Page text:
Taste Test: The Green Mountain Chew Chew Festival | Restaurant Reviews | Seven Days | Vermont's Independent Voice

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Taste Test: The Green Mountain Chew Chew Festival 

Feelin' Choosy

Published June 27, 2007 at 8:26 p.m.


How often can you eat pulled pork, pad thai and pink grapefruit sorbet in one place? Hardly ever. It was supposed to happen at last weekend's 22nd annual Chew Chew food fest on the Burlington waterfront. Unfortunately, scheduled participant Parima was mysteriously absent; hence, so was the pad thai. Luckily, the festival offered plenty of other yummy foods.

The festival's slogan is "Be daring & try them all!" — an imperative that posits patrons who are serious gluttons. Twenty-one businesses were represented. Have you ever eaten a 21-course dinner that included six desserts? Do you want to? A friend and I shelled out 40 bucks for tokens and shared 22 items from 13 different vendors. That was plenty.

On Saturday afternoon, the ultra-diverse throng milled around to the soothing sounds of a steel drum band called Limbo Loco and a blues group called Left Eye Jump. The weather was perfect and spirits were high, as evidenced by people's politeness as they waited in line. The abundance of chairs — 500 more than last year, according to the event's organizers — may have contributed to the good mood. Not a single overheated person had to wait for a seat in the shade before she could chow down on her Belgian waffles or buffalo wings.

Other good news: Nothing we tried was bad or inedible. True, there were a few lackluster items. The sweet & sour chicken from Hop Sing was just what you'd expect: deep-fried, battered chicken with a radioactive red sauce. The crispy exterior of the turkey and veggie samosas from Samosaman Natural Foods tasted a bit bitter, as if the chefs used the same batch of oil too long. A Cajun pork stick from Cajun 'n More wasn't a strip of grilled meat with a spicy rub. It seemed to be ground pork mixed with barbecue sauce and stuck to a stick.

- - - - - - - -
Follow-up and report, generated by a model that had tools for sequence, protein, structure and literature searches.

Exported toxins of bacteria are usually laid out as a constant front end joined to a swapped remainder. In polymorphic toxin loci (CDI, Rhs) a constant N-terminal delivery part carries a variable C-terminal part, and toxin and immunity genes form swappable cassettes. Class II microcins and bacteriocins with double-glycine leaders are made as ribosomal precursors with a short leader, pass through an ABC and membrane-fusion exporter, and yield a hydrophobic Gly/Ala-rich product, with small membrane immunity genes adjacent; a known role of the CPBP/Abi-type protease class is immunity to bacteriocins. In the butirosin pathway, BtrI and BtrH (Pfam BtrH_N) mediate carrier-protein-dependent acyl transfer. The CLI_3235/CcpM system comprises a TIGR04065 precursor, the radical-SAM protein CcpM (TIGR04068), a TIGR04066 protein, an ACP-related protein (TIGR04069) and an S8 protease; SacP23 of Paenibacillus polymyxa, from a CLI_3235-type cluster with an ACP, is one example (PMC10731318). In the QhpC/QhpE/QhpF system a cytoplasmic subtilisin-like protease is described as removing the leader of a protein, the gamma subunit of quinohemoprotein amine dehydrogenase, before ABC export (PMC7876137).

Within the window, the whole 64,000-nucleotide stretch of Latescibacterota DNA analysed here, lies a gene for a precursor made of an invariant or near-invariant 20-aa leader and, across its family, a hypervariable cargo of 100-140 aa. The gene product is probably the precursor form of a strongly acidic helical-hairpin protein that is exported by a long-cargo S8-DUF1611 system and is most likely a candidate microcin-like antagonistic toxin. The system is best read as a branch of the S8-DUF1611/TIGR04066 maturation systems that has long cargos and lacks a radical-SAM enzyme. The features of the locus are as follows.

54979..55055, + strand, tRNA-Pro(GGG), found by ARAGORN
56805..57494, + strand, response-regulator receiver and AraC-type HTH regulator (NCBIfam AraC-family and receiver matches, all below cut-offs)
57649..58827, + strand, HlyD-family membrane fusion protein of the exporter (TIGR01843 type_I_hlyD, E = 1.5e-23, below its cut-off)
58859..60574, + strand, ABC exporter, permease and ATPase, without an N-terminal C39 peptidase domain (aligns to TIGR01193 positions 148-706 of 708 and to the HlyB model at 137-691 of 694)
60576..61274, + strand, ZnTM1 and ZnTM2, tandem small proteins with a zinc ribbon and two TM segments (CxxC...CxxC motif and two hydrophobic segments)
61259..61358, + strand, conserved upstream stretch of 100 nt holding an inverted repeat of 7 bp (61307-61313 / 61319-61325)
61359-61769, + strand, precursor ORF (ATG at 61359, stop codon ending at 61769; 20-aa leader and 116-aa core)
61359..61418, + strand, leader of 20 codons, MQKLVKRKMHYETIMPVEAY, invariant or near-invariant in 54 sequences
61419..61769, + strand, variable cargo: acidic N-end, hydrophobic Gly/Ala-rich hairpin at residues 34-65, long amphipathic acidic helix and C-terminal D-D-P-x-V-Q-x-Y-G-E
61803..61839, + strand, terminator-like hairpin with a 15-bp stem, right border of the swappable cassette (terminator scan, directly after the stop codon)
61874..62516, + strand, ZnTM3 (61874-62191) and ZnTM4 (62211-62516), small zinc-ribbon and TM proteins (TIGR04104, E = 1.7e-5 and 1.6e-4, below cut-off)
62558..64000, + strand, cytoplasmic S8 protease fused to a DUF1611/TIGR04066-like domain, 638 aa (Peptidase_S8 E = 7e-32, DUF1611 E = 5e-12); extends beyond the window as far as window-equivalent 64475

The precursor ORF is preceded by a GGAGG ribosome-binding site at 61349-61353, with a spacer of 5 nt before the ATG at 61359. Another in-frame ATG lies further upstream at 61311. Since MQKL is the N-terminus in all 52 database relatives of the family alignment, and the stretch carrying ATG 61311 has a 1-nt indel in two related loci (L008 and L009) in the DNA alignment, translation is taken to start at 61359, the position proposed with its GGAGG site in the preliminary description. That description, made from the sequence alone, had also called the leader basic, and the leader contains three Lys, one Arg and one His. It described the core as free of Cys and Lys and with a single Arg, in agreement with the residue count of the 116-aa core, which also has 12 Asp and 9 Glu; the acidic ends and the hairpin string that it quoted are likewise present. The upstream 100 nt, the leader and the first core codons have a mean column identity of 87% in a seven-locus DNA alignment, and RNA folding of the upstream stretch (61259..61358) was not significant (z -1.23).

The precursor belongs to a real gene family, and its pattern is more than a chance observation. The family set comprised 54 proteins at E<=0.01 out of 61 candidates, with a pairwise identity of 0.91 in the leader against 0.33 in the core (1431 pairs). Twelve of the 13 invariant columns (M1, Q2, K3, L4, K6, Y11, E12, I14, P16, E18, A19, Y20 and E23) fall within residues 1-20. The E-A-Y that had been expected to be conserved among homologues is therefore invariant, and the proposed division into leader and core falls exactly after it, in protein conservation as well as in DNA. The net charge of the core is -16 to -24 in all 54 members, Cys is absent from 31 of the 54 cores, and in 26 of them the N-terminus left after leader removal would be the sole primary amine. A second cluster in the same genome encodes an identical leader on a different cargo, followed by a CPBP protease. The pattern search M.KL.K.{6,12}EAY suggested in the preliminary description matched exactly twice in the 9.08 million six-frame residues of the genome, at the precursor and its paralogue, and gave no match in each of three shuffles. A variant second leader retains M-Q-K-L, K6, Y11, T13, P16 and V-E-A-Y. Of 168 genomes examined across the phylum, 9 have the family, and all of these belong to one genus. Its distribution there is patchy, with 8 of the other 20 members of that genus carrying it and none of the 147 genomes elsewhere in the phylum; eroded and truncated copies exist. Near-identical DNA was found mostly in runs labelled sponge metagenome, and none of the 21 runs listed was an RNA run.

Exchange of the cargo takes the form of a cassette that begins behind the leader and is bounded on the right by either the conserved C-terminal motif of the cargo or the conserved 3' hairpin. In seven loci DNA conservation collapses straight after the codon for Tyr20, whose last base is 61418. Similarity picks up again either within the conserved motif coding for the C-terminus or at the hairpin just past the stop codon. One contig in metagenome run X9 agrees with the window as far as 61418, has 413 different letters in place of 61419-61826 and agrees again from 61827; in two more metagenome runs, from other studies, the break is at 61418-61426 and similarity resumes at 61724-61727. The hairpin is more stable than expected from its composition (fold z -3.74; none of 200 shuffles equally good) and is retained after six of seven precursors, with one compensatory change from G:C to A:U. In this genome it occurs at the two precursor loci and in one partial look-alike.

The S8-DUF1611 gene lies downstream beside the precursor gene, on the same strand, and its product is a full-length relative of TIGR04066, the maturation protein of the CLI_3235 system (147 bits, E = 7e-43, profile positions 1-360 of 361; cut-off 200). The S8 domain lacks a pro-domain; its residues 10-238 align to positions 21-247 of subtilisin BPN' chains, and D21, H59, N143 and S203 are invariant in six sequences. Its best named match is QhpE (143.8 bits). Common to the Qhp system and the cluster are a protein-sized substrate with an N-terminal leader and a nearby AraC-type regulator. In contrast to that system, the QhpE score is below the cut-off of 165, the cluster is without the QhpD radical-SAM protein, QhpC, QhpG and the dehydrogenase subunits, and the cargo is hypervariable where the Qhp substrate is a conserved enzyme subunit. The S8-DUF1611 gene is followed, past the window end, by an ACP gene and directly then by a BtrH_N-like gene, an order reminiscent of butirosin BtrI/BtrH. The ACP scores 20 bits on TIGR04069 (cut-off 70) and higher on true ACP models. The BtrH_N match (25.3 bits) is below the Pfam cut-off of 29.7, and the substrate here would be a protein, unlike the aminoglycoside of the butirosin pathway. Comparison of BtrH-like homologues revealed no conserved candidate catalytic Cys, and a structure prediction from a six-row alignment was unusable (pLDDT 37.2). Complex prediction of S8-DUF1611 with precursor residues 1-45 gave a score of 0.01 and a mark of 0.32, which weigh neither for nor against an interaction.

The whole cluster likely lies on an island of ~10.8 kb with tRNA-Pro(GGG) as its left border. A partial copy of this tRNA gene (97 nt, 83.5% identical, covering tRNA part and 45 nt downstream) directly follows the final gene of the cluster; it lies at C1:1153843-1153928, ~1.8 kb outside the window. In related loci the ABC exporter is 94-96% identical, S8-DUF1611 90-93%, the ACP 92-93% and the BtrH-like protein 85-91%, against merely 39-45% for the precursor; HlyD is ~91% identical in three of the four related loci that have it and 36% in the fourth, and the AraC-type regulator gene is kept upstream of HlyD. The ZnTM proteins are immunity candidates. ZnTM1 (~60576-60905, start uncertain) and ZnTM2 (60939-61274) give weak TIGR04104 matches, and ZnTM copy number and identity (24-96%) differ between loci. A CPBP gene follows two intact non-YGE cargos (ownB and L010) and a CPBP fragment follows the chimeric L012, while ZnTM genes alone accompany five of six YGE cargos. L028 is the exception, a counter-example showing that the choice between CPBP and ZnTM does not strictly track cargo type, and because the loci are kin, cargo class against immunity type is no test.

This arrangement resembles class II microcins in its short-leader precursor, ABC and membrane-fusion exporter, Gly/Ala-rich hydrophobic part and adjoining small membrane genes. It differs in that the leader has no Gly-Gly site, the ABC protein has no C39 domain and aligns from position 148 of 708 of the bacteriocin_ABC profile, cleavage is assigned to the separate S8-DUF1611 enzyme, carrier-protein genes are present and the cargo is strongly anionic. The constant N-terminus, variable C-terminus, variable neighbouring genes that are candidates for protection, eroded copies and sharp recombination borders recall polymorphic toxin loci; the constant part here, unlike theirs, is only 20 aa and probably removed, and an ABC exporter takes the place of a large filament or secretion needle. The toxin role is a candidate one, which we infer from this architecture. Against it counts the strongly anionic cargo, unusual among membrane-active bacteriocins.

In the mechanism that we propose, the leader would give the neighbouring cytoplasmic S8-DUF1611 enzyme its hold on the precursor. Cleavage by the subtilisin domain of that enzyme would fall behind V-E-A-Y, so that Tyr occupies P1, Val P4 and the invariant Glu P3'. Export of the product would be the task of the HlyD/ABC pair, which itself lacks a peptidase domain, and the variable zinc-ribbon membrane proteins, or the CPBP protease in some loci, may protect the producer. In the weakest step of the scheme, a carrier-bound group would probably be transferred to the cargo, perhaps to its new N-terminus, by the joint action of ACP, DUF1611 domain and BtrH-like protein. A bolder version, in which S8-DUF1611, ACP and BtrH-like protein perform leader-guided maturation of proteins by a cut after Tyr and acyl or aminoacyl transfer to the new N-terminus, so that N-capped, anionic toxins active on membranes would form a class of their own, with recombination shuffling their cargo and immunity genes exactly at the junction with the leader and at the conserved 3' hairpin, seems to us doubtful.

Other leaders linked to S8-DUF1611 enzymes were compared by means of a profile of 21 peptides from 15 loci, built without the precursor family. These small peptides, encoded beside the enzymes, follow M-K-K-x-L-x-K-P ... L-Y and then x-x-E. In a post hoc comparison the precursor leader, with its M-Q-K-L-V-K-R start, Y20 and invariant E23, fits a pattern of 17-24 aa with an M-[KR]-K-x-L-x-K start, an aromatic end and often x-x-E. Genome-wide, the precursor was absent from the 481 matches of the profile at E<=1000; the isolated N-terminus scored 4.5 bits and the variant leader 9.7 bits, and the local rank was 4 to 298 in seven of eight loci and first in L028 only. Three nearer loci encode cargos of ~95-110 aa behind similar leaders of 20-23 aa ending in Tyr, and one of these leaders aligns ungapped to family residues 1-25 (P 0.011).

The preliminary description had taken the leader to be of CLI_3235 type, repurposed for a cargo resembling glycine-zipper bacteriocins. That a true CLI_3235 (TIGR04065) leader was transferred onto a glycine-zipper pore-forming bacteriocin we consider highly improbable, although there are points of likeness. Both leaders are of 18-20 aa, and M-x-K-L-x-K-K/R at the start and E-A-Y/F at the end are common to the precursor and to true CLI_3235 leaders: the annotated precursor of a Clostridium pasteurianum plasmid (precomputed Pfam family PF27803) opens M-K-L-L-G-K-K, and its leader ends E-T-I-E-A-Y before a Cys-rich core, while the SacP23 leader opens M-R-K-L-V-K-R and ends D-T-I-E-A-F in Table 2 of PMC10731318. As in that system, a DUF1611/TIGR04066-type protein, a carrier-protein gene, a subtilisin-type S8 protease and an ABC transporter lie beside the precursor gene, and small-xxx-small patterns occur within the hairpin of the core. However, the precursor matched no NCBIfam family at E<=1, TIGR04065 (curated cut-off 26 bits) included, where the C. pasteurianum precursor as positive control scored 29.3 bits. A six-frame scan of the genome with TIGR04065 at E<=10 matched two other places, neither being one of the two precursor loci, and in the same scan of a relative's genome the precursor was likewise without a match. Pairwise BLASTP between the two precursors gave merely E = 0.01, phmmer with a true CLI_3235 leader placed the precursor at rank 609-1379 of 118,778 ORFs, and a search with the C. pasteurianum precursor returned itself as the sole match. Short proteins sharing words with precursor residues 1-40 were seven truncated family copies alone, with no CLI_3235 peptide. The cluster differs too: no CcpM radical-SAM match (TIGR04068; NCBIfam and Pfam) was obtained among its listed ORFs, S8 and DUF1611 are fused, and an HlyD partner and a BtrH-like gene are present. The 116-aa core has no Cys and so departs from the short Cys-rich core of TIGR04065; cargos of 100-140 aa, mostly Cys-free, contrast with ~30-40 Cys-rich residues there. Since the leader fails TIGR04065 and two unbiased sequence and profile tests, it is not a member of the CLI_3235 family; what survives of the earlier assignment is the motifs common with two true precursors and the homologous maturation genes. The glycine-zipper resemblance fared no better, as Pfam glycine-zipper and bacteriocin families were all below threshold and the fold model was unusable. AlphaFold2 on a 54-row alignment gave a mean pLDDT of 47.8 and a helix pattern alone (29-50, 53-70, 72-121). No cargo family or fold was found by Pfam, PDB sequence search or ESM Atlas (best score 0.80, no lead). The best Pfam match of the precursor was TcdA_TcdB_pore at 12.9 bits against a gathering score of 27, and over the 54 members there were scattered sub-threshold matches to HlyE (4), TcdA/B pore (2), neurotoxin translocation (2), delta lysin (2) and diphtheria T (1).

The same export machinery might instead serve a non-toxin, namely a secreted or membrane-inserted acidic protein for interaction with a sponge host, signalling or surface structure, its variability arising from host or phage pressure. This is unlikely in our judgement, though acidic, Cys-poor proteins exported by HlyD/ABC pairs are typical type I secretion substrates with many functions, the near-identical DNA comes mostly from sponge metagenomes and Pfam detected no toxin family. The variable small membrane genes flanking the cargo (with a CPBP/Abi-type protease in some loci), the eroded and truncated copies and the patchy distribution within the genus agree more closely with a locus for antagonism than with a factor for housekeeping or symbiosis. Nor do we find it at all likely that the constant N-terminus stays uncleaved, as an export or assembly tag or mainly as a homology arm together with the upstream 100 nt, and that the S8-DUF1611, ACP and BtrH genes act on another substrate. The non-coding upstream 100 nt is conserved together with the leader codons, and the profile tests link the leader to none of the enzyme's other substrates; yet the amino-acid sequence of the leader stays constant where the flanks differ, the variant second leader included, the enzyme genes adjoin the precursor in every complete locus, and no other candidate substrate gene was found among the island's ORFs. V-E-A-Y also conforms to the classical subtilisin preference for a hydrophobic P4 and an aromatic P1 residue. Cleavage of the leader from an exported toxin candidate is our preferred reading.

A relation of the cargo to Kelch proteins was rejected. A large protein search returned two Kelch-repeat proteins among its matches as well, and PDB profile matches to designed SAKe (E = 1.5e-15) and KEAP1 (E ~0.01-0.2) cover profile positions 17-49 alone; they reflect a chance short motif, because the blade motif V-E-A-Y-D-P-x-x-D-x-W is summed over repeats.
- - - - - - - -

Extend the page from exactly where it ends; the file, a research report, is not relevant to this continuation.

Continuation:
What did we get excited about? The juicy, sweet Italian sausage from Kevin's Wicked Mountain Sausages, which came in a sesame bun with a pile of sautéed onions on top. Another standout: the offerings from Café Mediterano in Essex. Both the stuffed grape leaves and the ground meat cevapi were full of flavor, and served with grilled pita and a portion of thick, garlicky tzatziki. Big Fatty, in his first year at the festival, was dishing up pulled pork and pulled chicken. Both were smoky, spicy and good. Nectar's had some passable 'cue, too, though their brisket is cooked 18 hours to Fatty's 22. The celebrated downtown bar did boast the most vocal and probably the only rhyming staffer. His fave phrase: "If you're gonna risk it, risk it on the brisket."

After risking it on the brisket, we moved on to dessert. Island Homemade Ice Cream's pink grapefruit sorbet masterfully balanced piquancy and sweetness. My friend loved the coffee chip ice cream. And we braved the long line at The Skinny Pancake to get our hands on a strawberry "shortcrêpe" and a chocolate crêpe made with Nutella. Mmmm.

Overall, the Chew Chew provided a good way to try a slew of foods for around $2 an item while spending an afternoon outdoors. The extra chairs were a boon. What was missing, besides the pad thai? More culinary diversity. This year, there were three places serving ice cream. And why did Samosaman and Ming's get two booths each?

At the same time, our non-Chinese Asian restaurants were underrepresented: no Thai, Japanese, Vietnamese or Indian food could be found. I hope to see them all there next year. Then I'll be able to say that Chew Chew offers pulled pork, pad thai and pink grapefruit sorbet in one place, along with ponzu sauce, pho and pakoras.

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About The Author

Suzanne Podhaizer

Suzanne Podhaizer

Former contributor Suzanne Podhaizer is an award-winning food writer (and the first Seven Days food editor) as well as a chef, farmer, and food-systems consultant. She has given talks at the Stone Barns Center for Agriculture's "Poultry School" and its flagship "Young Farmers' Conference." She can slaughter a goose, butcher a pig, make ramen from scratch, and cook a scallop perfectly.


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